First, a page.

No, I'm talking about the motivations of the individual characters not making sense within the context of the story itself except as a means of padding out the game with more puzzles. There's quite a few examples of this but I'm going to focus on two - Ariel (one of the potential love interests) and the Big-Bad himself, The Translator.
Ariel is a spy who has some kind of a past with Tex. A wiki for the series says that she had a brief romance with Tex at some point in 2040 but I don't think this information ever came up in the game. Somehow, Ariel figures out that Tex doesn't recognize her anymore based on one accidental phone-call and - when she runs into him later - she poses as the estranged wife of the neurologist Tex is trying to track down.
Later, when the truth comes out, Ariel says that she had to be sure Tex was still on her side. Even though it was obvious that he had no clue what side he was on. Why go through that much effort to mislead Tex when he could just as easily be manipulated into helping her? Hell, at that point she had nothing to lose by being honest and everything to lose by delivering a lie that Tex could easily disprove later.
If you decide to ally yourself with Ariel despite knowing full well she's a manipulative liar, she gives you information that may help you recover your memory. This help comes in the form of a key to a sewer maze filled with man-eating mutants. This leads you - eventually - to a note that tells you to go to the Blue Dragon warehouse. There, you find the fragments of a picture and a number of objects that trigger more flashbacks of a life that isn't Tex's.
What does any of this have to do with the main plot? Nothing, really. Why couldn't Ariel just tell you to go to the Blue Dragon in the first place? Because then you wouldn't have killed 20 minutes wandering the sewer maze and putting together that torn-up picture!
For the problems with The Translator and his story arc, let's go back to the halfway point that was singled-out by many critics as the most annoying section of the game. It is here that Tex gets a lead on locating the neurologist who might be able to cure his amnesia. This lead takes Tex to the doorstep of an Egyptian-themed secret society - Sensen - who have a strenuous intelligence test for perspective members. You solve a sliding tile puzzle to open their gates, only to have all the alarms go off and be forced to flee.
When you arrive back at your office, you have a fax waiting for you. This leads to an encounter with Big Jim Slade - a villain from Overseer - whom Tex has apparently become chummy with during his lost time to the point that the two are business partners. Slade helpfully gives Tex the item he needs to bypass the alarms on Sensen's front gate.
After spending a goodly amount of time doing logic puzzles to retrieve seven sacred symbols to pass Sensen's first membership test, you are granted admission... to a second testing area! Pass these tests and you are finally granted admission to the inner areas of the temple. Here, monks with flashlights are patrolling the halls along with high-powered spotlights and to be seen is to die instantly.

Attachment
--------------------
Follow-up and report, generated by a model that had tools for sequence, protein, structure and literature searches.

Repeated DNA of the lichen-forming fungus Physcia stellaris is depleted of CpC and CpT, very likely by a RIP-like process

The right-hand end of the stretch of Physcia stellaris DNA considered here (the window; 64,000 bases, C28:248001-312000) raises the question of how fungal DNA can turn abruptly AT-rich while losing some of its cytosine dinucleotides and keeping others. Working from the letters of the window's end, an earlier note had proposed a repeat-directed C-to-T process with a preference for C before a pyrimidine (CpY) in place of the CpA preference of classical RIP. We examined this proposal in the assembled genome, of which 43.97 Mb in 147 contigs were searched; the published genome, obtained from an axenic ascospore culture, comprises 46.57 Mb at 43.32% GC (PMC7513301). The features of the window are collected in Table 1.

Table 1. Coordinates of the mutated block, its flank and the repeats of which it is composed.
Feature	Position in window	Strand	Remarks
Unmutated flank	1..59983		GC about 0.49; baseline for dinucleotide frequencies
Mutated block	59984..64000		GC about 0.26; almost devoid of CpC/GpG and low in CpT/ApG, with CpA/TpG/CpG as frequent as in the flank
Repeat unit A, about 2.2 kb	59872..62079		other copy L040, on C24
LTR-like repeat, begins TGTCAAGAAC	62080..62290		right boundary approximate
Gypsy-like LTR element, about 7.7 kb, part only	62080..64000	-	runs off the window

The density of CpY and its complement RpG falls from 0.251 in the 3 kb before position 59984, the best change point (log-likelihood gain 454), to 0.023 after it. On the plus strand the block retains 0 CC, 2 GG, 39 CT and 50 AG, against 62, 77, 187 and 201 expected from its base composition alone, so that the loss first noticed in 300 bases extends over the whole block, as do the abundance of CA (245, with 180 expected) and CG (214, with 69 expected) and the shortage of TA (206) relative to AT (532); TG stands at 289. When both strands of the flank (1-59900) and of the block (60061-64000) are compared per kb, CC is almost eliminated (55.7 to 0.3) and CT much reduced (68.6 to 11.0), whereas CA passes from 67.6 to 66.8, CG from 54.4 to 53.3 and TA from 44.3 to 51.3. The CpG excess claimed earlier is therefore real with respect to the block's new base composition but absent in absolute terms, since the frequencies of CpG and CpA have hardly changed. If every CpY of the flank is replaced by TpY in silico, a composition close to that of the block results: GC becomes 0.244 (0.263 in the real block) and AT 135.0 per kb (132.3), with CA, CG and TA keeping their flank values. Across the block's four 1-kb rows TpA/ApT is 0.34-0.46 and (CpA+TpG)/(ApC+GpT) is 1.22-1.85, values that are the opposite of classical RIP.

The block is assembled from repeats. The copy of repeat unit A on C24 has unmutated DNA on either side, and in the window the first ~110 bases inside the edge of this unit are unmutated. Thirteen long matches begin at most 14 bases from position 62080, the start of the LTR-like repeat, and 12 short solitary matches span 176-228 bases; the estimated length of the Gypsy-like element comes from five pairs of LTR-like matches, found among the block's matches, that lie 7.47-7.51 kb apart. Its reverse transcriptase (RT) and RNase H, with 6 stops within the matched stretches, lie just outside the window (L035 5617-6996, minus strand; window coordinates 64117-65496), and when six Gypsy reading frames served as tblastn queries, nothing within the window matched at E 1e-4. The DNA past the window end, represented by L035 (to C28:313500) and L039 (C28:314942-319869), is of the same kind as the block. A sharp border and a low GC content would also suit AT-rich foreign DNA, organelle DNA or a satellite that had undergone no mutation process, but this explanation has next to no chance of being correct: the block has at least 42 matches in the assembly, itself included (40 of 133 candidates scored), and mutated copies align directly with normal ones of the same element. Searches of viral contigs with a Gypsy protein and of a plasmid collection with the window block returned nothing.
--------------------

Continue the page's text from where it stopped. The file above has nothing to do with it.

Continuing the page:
Solve all the puzzles in this area - which all hinge upon you first finding that furshuganla keycard - and you find the man you need, only to discover that he too has had his memory erased. Thankfully, he has the tools you need to go retrieve the means to curing his amnesia and breaking him out of his cell. These puzzles take up the rest of the next game day and lead to the revelation that he erased his own memory to prevent the villains from finding out what he knew.
After the man commits suicide rather than be forced to talk, Tex is discovered and escorted to meet The Translator. And it's here we find that Tex - along with Big Jim Slade - was in the employ of The Translator before Tex's chemically induced amnesia and that they had nothing to do with Tex losing his memory. Indeed, they are as upset about Tex's memory loss as Tex himself.
So, let's backtrack. Tex needed to get into Sensen. We know, based on the fact that they have alarms on the front gate that require a specific item to get in, that they are a highly secure facility that is being continually monitored by mechanical and physical defenses. Presumably this includes monitoring any new recruits that come into their facility and leaving them to their own devices, as the entire upper temple is deserted while the test of intelligence is being conducted.
Given all that - and the fact that the controls for the security system are hidden in a secret room inside The Translator's office - why doesn't he recognize Tex immediately and investigate why his hired detective is schlepping around without a clue? Why doesn't Big Jim Slade take Tex to go meet their mutual employer after his first failed attempt to get in the building? Is it a test of Tex's intelligence and loyalty? Why bother with this when The Translator is ignorant of Tex's amnesia until they meet for what is, from Tex's perspective, the first time?
Why? Because the only reason any of these puzzles and the whole Sensen temple area exist in the first place is to provide an avenue for a bunch of puzzles and a stealth zone. It doesn't make a lick of sense for The Translator not to be monitoring who is entering his compound and yet that is the only explanation for why Tex is allowed to go into the temple in the first place!